Guy has found paradise: the world’s largest known population of manta rays. He has been studying Maldivian mantas since 2005, providing critical insights on what he believes to be the most intelligent fish in the sea.
I have been fascinated by the natural world all my life and growing up on a farm in south-western UK provided me with a seemingly limitless supply of weird and wonderful creatures to discover. I always knew that I wanted to make studying animals my career, but it was only when I was given a tropical fish tank at the age of 11 that my passion for the underwater world began. From that moment forward I would say ‘I want to study fish!’ when asked what I planned to do when I grew up. True to my word, I progressed...
The key objective of this project is to research the life cycle and habitat use of the Maldivian manta population, while also working with the country’s government, resort guests, local communities and other visitors to create greater awareness and understanding of these graceful rays.
Its abundance of marine life has made the Maldives one of the top dive destinations in the world, and manta rays continue to be one of the ‘must-see’ highlights for most of the country’s visitors. Manta rays are therefore extremely important for tourism, which is by far the largest source of revenue for the Maldives. Despite this, Maldivian law does not yet protect manta rays specifically, and as natural resources continue to be stretched, the associated negative impacts are increasingly affecting the country’s mantas.
The Maldives has a massive population of manta rays. The total manta population for this small country in the middle of the Indian Ocean is estimated to exceed 10,000 individuals. In three years of data collection, the Maldivian Manta Ray Project has already built a comprehensive database of over 5,000 manta sightings and identified more than 1,500 different mantas with new individuals being sighted on a regular basis.
Maldivian mantas are year-round residents, migrating across the country’s 26 atolls with the changing monsoons as they follow seasonal shifts in their planktonic food source. These nutrient-rich waters support huge quantities of marine life and it’s not uncommon to find more than 150 manta rays feeding in surface waters together with half a dozen whale sharks at one of the project’s key study sites. These amazing feeding aggregations are one of the world’s natural underwater spectacles, attracting increasing numbers of tourists each year. The Maldivian Manta Ray Project and SOSF are working hard with local stakeholders and the Maldivian government to put in place management plans to protect this site for the future.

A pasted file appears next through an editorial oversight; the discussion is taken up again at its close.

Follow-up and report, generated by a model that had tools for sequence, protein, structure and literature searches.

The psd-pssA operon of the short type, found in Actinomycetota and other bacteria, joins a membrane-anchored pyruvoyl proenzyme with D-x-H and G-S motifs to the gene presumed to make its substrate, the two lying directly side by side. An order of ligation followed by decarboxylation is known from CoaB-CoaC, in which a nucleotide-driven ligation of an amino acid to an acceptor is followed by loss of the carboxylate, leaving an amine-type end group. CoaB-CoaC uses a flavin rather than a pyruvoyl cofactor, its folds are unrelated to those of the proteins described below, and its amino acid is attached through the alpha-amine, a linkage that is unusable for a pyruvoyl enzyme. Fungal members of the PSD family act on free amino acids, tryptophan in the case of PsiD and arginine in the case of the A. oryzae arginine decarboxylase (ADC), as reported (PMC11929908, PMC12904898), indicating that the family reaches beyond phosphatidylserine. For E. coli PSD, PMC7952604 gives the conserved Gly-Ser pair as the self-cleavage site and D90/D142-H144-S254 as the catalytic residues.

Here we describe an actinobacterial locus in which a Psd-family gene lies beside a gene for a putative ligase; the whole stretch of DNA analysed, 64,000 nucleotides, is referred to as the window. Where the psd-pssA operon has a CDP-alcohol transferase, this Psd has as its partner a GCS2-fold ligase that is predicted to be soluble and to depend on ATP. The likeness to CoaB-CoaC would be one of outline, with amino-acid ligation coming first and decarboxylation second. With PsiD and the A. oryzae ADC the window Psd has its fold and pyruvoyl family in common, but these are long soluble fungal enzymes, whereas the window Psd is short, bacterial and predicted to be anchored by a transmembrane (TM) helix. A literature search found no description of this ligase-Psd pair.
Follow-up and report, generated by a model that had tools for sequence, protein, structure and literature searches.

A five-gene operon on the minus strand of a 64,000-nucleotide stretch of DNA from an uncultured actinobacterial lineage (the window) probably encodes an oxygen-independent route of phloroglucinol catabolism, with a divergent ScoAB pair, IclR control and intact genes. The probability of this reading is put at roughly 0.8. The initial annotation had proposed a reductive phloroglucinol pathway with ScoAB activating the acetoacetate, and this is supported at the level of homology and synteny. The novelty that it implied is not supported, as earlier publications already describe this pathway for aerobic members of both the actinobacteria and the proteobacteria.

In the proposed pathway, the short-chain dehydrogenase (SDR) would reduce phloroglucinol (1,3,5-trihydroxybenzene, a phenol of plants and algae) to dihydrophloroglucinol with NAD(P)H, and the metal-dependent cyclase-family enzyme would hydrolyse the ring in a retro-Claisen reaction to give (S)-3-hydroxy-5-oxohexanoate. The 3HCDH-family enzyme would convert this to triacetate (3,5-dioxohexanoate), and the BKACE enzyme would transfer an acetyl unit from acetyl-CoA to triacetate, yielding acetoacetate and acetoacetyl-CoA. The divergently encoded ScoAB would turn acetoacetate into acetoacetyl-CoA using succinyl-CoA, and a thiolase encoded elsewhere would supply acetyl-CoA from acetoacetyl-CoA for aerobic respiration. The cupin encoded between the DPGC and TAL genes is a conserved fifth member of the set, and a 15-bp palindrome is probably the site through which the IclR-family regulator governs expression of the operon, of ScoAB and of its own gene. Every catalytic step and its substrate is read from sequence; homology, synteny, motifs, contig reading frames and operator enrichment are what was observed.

This project aims to continually expand the current manta ray sightings database. However, although the photo-ID database is a simple and very useful tool for studying manta rays, it does have limitations as it can only tell researchers where the mantas are at the time of the sighting. To collect data on the large and fine scale movements of individuals, one has to tag manta rays, and this project plans to continue its passive and active acoustic tagging in the coming year, as well as experiment with the new Fastloc GPS systems, which will hopefully be the key to successfully satellite tagging of manta rays in the Maldives.
Documenting the mating behaviour and reproductive cycle of the resident mantas is another area where the project is particularly keen to expand its research. Courtship rituals and pregnancies are regularly documented in the Maldives and matings have been recorded on several occasions. Furthermore, mating occurs at distinct times of the year at specific locations in the Maldives and it is possible to follow the matings and pregnancies of individuals within the population from one year to the next. This is extremely important data because virtually nothing is known about the reproductive strategies of manta rays and the Maldivian Manta Ray Project is in a unique position to document this.
The project also aims to undertake several fieldtrips in the coming year. The first will be to discover new manta feeding and cleaning sites in the Northern Atolls of the Maldives, which are still relatively untouched and unexplored. The hope is that some of the individuals seen at the project’s current study sites will be sighted so that links can be made between seasonal feeding grounds. The second trip will be to the Sea of Cortez with Dr Robert Rubin to document the giant manta rays congregating at the isolated sea mounts of the Revillagigedos Islands.
Manta and devil rays are caught as by-catch in the tuna purse-seine fishery. Using new genetic tools to find out which species are caught in the Eastern Pacific, Donald and Melissa are working with the Inter-American Tropical Tuna Commission to turn the tide for these poorly understood and highly threatened rays.
With no real information about whether or how mobulid rays survive after being released from purse-seine fishing nets in the Eastern Pacific, Josh is training fishery observers to assess the impact of this fishery on these by-catch species and to create best-practice release guidelines to improve the survival rate of the rays.
Bahia de Banderas, a large bay on Mexico’s pacific coast attracts large numbers of oceanic mantas. Josh is working with local undergraduate students to learn about the rays. The students gain valuable research experience and career support and the programme also runs outreach with local schools.